Native plant seeds are stored in bags and refrigerated in preparation for planting at Borderlands Restoration Network’s seed lab.

There are many ways we can start afresh in 2021. In the plant world, rebirth isn’t visible until spring, yet the time for preparing and sprouting often happens unseen, when everything seems the most quiet and dead. 

Winter is a great time to start propagating your favorite native plants, and this article will discuss some of the best winter seed propagation techniques in case you’d like to try at home, or to begin fathoming the intricate natural system of native plants. 

This article will discuss the natural, magical, and mystical winter seed germination (sprouting) and the types of dormancy native seeds use to protect their future. 

Perennial plants fall into several broad categories: smaller forbs and vines whose growth dies back in the cold, and sturdier shrubs and trees, who live long lives and spend years establishing themselves. Winter seed treatment is helpful for these woodier shrub and tree species, that put a little more effort into hedging their seed germination bets. If you were a big, beautiful shrub, and wanted to give your seeds the best chance for survival, you wouldn’t want them to germinate immediately and all at the same time. You would want your seeds to wait, to lay dormant until the perfect time, and maybe even be transported by animal digestion and time. 

Seed dormancy is often two layered. There are seeds that have physical dormancy, and those that are physiologically dormant. Physical dormancy means the seed coat is hard and prevents water and air access to the seed interior preventing germination. These seeds are meant to stay in the wild for years and, over time, through various natural occurrences, their seed coat will break down and they will germinate. 

To speed up this process in the nursery, various scarification methods are used. An easy method is sandpapering the seed coat, but this can take time and is labor intensive for each seed. An easier method used by propagation enthusiasts is pouring boiling water on seeds and leaving them overnight. Depending on the species this can take a few tries to break down the coat, but when the seed seems swollen as though it has imbibed the water, you’ll know you’re ready. Species that appreciate this type of seed scarification are most things in the Fabaceae (legume) plant family (mesquite, senna, Dalea, Tecoma etc.).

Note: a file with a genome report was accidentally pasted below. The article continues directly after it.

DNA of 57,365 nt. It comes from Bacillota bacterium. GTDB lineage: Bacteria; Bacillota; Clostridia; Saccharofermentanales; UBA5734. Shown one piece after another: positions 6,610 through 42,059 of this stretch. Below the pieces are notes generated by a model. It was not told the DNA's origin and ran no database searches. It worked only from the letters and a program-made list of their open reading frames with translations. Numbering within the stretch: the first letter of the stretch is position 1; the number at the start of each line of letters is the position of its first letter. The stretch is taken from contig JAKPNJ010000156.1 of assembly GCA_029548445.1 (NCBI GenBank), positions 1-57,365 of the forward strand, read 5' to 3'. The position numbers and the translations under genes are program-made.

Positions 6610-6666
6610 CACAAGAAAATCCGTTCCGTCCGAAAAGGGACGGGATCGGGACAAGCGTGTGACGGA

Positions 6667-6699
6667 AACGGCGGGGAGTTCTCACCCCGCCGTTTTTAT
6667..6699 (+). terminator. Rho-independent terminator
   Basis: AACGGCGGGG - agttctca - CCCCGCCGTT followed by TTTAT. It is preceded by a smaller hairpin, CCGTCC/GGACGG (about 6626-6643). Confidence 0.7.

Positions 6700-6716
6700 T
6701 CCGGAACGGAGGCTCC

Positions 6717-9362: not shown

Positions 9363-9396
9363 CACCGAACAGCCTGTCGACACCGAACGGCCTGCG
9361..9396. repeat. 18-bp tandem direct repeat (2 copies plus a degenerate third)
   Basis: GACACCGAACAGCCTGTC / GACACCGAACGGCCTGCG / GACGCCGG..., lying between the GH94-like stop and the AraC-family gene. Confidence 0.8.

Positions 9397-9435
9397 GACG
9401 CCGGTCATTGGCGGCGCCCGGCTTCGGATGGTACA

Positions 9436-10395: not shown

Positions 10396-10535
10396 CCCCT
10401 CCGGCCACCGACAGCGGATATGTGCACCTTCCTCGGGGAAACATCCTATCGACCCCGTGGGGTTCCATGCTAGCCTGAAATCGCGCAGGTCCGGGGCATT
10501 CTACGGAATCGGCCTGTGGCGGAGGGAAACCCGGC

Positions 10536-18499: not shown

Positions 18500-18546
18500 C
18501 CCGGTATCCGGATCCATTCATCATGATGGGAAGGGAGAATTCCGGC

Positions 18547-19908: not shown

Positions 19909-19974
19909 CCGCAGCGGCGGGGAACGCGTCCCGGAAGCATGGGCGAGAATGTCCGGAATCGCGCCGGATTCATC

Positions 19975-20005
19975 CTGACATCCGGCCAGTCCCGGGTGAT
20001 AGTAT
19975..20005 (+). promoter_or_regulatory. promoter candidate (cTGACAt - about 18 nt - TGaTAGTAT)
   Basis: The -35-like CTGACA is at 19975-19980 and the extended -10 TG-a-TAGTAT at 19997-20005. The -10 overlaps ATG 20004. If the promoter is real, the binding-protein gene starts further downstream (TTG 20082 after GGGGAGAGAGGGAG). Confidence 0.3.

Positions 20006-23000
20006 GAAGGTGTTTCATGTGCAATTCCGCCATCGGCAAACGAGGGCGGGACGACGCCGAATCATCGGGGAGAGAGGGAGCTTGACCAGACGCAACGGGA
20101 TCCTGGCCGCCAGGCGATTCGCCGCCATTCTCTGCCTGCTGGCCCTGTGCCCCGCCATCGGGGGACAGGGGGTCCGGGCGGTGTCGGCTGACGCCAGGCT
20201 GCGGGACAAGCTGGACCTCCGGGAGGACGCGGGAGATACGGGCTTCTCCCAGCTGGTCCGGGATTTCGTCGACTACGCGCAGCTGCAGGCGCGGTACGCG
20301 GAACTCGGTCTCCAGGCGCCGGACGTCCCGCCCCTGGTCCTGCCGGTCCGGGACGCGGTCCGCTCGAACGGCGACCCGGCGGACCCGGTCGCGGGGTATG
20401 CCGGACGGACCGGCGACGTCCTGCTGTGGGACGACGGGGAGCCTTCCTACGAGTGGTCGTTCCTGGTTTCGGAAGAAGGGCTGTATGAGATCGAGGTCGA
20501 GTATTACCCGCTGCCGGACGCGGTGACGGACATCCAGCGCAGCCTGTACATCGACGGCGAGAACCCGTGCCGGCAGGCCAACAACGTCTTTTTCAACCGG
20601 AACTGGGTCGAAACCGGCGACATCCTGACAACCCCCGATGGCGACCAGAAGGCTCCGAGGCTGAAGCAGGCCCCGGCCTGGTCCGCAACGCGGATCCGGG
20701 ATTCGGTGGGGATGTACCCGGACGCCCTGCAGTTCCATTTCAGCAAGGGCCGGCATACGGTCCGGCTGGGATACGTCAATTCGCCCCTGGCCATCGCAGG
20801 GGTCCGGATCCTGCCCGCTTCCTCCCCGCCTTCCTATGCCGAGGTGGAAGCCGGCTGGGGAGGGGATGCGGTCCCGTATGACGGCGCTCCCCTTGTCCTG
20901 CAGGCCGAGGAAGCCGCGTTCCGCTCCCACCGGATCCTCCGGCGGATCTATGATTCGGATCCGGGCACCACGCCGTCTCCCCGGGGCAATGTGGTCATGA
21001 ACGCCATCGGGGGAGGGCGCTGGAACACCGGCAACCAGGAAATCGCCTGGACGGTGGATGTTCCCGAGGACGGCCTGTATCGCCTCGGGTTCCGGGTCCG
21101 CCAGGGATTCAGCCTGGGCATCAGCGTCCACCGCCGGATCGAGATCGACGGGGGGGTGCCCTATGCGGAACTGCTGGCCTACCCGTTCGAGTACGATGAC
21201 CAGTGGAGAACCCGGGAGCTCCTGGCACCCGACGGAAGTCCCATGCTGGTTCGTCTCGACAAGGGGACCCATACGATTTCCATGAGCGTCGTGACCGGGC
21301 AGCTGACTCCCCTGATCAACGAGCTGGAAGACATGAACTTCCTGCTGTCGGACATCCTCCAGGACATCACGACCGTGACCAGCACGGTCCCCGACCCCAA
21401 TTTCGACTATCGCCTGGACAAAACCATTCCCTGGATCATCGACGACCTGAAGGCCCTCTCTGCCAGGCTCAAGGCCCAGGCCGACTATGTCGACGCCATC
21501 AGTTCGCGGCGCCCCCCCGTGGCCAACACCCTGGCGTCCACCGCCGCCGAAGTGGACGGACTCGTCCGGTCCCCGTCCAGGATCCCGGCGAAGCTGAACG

Another method used is fermentation. Many seeds that are fleshy (think berries) need fermentation to elicit germination. Often this means you can just leave the berries to soak in water with their pulp for about a week before the seed coat is activated and they’ll germinate. Species that appreciate fermentation are berry plants like the Rhus (sumac), and Ribes (currant). 

Physiological dormancy is an internal dormancy (not seed coat related) where factors inside the seed tell it when to germinate. For many shrubs of our mid- and high-elevation mountain regions, the seeds are counting down the cold moist days, waiting for winter to pass before they germinate. 

Ways to speed up the process is to cold stratify the seeds; in other words, trick the seeds into thinking that winter has come and gone. What plant mother would want their seed babies to germinate in October or November, right before a long cold period? They’d rather wait until the cold has passed and they know the elements are warm enough to support them. 

The best trick to break cold physiological dormancy is to find a sterile water-supporting medium (sterile sand, peat moss, or coconut husk work well), wet it so it’s spongy, not drenched in water, and tuck the seeds into the media. You can then put this in a plastic ziplock bag and put it in your fridge. Make sure to mark the bag and your calendar. You don’t want to forget and snack on them later. Once enough time has passed, you can plant the seeds in a pot or in the ground, and with water and warmth, they’re ready to go. 

One month is an average time to cool the seed. At the Borderlands Restoration Network seed lab, they’ve written down the ideal fridge times for a number of native shrub species and should be able to help you determine how long to store the seeds in the cold. 

You can email if you have any propagation questions, or join the local Santa Cruz chapter of the Arizona Native Plant Society at to get together with other native plant nerds and discuss propagation. 

Happy new year! The plants are excited too.